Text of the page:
Domestic violence record dismissed, will they deny employment? - page 2
I am a brand new nurse got my license one month ago and got called for my very first job at a nudsing home. I went and did my bsckground check and im very worried they wont call me back for orientation due to a domestic battery... Read More
- 0Jan 15, '13 by Meriwhen, ASN, BSN, RN Senior ModeratorQuote from TotallyAwwwesomeNot necessarily true.As long as the Board of Nursing in your state issued you a license, you really shouldn't be concerned. Did you have problems receiving your RN license?
Employers have the right to decide who they hire based on their own criteria: the fact that the BON issued a license to you doesn't mean that the employer has to automatically accept your criminal history. So yes, you can legally be denied a job based on your criminal record, even if you hold a valid nursing license.
- 1Feb 12, '13 by LatashaaddisonI'm asking anyone that may have been threw the Bon in Louisiana. The school I'm going to attend asking for the arrest & conviction do I give the paper work to the school (arrests record/final disposition etc.)or do I send it straight to the board I really don't want the instructor to know,no more than I need them to. They tell me that the Bon need their paper work a month in advance. Ok I'm going to list the arrests : 1count agg battery/dismiss & expunged 1 count agg assault & agg battery dismiss have rejection letter. 2 count simple criminal damage less 100$ 1 dismiss the other dismiss after I paid fine,have letters 3 counts of worthless check writing all dismiss,last possession of crack happen in 1994 serve 5 years paper got letter an rights restored in the process of expunge. Now when someone look at that they gone say she is a criminal. I'm sacred any advice & just to say I'm not giving up on my dream & I have change sent an work with the state .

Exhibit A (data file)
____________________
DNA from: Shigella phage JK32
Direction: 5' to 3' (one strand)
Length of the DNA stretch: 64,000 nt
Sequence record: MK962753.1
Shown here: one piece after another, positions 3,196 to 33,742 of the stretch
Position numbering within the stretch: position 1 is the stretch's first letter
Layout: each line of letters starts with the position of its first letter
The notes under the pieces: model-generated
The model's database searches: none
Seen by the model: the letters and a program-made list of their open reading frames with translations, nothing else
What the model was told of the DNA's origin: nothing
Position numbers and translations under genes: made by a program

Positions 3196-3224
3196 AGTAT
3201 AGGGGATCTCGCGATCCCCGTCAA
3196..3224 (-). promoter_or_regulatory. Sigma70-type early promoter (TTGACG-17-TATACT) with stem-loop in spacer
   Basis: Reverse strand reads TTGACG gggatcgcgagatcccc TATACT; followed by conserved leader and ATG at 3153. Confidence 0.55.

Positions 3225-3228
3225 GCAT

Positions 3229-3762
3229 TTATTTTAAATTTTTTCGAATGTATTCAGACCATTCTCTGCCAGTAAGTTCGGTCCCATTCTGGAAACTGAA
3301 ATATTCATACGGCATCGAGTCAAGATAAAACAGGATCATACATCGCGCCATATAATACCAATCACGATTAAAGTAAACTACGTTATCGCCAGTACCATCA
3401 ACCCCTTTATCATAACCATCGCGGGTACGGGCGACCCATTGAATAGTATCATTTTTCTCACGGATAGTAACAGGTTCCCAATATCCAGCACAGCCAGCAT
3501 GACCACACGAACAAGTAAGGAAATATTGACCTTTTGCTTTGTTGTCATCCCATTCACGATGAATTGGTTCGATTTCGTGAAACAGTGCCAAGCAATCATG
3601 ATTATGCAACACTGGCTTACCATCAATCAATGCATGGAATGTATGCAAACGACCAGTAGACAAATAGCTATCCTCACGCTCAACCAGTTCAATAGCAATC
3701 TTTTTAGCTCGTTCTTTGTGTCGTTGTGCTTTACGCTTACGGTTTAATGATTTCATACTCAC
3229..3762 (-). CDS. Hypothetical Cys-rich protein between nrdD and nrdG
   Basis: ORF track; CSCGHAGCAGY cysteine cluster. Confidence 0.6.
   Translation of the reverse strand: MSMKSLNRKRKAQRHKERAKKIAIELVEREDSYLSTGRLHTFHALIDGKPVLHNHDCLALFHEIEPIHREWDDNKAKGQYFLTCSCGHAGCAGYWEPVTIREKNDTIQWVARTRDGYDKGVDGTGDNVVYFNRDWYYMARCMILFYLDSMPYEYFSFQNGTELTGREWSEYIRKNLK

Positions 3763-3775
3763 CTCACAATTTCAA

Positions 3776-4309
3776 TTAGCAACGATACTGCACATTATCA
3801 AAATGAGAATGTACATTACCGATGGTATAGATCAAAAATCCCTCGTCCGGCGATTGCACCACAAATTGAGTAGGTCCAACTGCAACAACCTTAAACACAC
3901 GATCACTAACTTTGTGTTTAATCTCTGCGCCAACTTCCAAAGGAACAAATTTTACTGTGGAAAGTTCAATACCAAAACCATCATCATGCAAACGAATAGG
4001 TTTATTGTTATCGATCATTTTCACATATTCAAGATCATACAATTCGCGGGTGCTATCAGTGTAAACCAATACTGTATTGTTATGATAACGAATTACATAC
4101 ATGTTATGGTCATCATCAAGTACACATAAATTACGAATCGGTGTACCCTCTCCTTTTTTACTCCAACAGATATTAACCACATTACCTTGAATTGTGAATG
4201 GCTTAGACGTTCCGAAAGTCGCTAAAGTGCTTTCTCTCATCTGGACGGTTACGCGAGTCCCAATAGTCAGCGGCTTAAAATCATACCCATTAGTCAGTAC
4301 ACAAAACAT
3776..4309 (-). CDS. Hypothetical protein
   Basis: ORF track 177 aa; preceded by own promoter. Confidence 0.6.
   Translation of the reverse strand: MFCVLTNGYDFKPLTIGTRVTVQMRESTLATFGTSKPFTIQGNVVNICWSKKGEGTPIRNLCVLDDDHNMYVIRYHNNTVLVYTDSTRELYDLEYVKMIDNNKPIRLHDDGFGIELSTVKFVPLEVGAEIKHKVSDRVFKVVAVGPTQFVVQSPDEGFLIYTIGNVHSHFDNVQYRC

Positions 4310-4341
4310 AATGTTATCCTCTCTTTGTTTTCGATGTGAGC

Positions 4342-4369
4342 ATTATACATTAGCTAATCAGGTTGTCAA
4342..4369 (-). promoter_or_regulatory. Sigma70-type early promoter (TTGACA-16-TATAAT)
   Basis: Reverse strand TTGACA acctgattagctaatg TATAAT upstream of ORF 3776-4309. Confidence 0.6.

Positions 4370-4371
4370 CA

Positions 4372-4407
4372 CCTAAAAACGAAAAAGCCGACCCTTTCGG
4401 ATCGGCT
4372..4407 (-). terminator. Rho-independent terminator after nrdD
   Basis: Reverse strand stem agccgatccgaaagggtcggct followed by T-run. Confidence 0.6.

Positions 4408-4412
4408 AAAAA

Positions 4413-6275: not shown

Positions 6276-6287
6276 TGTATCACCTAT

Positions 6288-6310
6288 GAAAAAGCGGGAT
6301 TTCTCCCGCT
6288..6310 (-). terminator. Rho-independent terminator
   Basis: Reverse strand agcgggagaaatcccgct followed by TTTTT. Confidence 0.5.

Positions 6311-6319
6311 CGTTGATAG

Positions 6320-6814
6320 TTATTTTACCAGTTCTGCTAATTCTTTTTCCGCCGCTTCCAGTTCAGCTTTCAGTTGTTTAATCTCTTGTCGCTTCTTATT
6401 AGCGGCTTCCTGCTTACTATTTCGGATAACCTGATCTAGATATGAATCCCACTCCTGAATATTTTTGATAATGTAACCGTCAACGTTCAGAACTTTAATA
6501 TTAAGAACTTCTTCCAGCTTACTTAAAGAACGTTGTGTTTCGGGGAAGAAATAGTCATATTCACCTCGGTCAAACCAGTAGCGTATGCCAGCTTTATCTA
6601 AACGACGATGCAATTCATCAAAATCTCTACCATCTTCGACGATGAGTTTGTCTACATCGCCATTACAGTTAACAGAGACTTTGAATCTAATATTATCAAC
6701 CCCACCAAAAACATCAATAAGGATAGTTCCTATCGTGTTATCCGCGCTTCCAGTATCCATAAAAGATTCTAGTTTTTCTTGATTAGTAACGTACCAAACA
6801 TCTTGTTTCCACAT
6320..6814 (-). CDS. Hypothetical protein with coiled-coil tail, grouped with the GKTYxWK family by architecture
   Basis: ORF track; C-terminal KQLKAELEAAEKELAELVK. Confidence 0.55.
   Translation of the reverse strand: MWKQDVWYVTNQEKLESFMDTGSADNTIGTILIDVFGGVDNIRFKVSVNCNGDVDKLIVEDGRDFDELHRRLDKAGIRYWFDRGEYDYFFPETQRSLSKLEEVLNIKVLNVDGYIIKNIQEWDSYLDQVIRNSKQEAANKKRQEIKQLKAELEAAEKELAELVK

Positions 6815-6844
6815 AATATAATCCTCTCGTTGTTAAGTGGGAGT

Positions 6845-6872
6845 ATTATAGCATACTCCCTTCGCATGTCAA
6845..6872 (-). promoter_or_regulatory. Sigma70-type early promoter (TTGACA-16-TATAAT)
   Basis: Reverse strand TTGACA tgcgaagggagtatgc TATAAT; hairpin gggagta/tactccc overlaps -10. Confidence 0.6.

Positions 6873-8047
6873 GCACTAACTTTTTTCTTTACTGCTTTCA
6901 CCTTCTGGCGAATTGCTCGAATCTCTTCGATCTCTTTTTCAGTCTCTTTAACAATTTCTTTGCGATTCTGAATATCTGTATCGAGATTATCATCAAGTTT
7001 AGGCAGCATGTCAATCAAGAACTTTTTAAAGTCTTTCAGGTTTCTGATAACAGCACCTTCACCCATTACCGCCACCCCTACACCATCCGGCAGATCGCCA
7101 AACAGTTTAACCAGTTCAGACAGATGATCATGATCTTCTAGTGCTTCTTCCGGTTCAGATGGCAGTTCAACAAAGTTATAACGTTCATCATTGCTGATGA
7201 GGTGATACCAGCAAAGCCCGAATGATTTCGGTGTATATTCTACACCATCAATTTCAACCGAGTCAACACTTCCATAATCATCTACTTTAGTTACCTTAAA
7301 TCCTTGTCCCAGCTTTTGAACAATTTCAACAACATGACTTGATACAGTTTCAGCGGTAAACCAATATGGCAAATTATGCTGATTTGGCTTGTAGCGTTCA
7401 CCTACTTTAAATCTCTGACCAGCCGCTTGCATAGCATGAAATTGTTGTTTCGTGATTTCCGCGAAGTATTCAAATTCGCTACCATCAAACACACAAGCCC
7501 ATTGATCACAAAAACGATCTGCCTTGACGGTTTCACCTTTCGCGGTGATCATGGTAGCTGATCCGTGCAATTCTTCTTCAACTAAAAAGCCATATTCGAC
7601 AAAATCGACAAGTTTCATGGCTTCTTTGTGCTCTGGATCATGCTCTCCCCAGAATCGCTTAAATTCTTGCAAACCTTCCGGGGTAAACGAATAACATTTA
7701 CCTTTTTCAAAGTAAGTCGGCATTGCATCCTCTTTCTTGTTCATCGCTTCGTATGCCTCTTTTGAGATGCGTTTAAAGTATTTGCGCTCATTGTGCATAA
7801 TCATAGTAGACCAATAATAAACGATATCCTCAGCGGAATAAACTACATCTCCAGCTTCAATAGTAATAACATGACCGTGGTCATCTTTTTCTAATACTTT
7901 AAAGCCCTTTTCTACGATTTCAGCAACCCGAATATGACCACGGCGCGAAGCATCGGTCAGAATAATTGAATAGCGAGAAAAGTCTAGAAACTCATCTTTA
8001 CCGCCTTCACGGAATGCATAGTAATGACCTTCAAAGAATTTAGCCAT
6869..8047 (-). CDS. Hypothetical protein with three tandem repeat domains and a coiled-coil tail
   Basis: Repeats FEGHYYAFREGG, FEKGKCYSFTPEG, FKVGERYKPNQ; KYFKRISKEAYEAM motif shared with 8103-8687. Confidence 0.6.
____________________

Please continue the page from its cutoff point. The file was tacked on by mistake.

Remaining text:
- 0Mar 4, '13 by slasherLatasha, I have a history myself so I understand how you feel. We have to get a few things straight to give you the best chance at succeeding and becoming a nurse. First, as I read your statements, I notice grammatical errors. I'm not the "grammar police" as they say on FB but I am not in your shoes at this time so this doesn't apply to me. I'm not insulting you; im trying to help you. Second, you mention the BON a few times as well as "The school I'm going to attend...". Are you just starting school? Does Louisiana law require you to send records the BON before you are finished with school? You said "They tell me...". Who is they, the school or BON? If you send the application/paperwork etc. to your school there are only a few people who will see the information: 1) whoever is in admissions (not the whole department just whoever uses the information for legitimate needs.) 2) the Dean of...whatever. The person who looks at criminal offenses and makes the final decision. 3) possibly the Dean's assistant. There may be an additional person here or there but your teachers aren't going to know anything. It's not something that the powers that be walk around discussing unless it's necessary. Every nursing school in the nation has "criminals" who apply and sometimes get accepted. Check Louisiana's BON website to see what the criteria is for someone with a criminal hx is who want an R.N. license. I talked to a paralegal a couple years back and she said there are 3 hoops to jump through: 1) getting accepted into school 2) getting the BON to allow you to take the NCLEX and 3) finding a job. #3 will be the biggest challenge.
- 0Mar 13, '13 by LatashaaddisonI'm not in school yet, but I'm starting in August 2013
I'm just worried bout getting in school finishing & an the
Bon say no I can't take the nclex. Then I would have been
Wasting time & I really don't want to do that, but I do want
This career very much. You mention you have a history, if u
don't mind me asking what was ur problem an how did it turn
out & what advice can u give me
- 0Mar 13, '13 by elkparkQuote from TotallyAwwwesomeNot true -- plenty of nurses with active licenses have difficulty finding employment because of background issues, esp. in the current employment climate, in which man employers are overwhelmed with applicants for positions and actively looking for ways to "thin the herd."As long as the Board of Nursing in your state issued you a license, you really shouldn't be concerned. Did you have problems receiving your RN license?
- 0Mar 13, '13 by 617PrincessI have three dismissed charges on my background. I have never had an issue finding employment, even at (major) hospitals. I can check "no" when they ask me if I have ever been convicted of a crime...because I have not. My dismissed charges are: disorderly conduct and trespassing (I liked to protest stupid stuff when I was younger) and criminal harrassment (from an ex-boyfriend's OTHER girlfriend who falsified emails stating that I was going to "beat her up" - I didn't write them. It is SO frustrating to have these on my record, even if they are dismissed). You are not legally obligated to disclose dismissed charges to employers.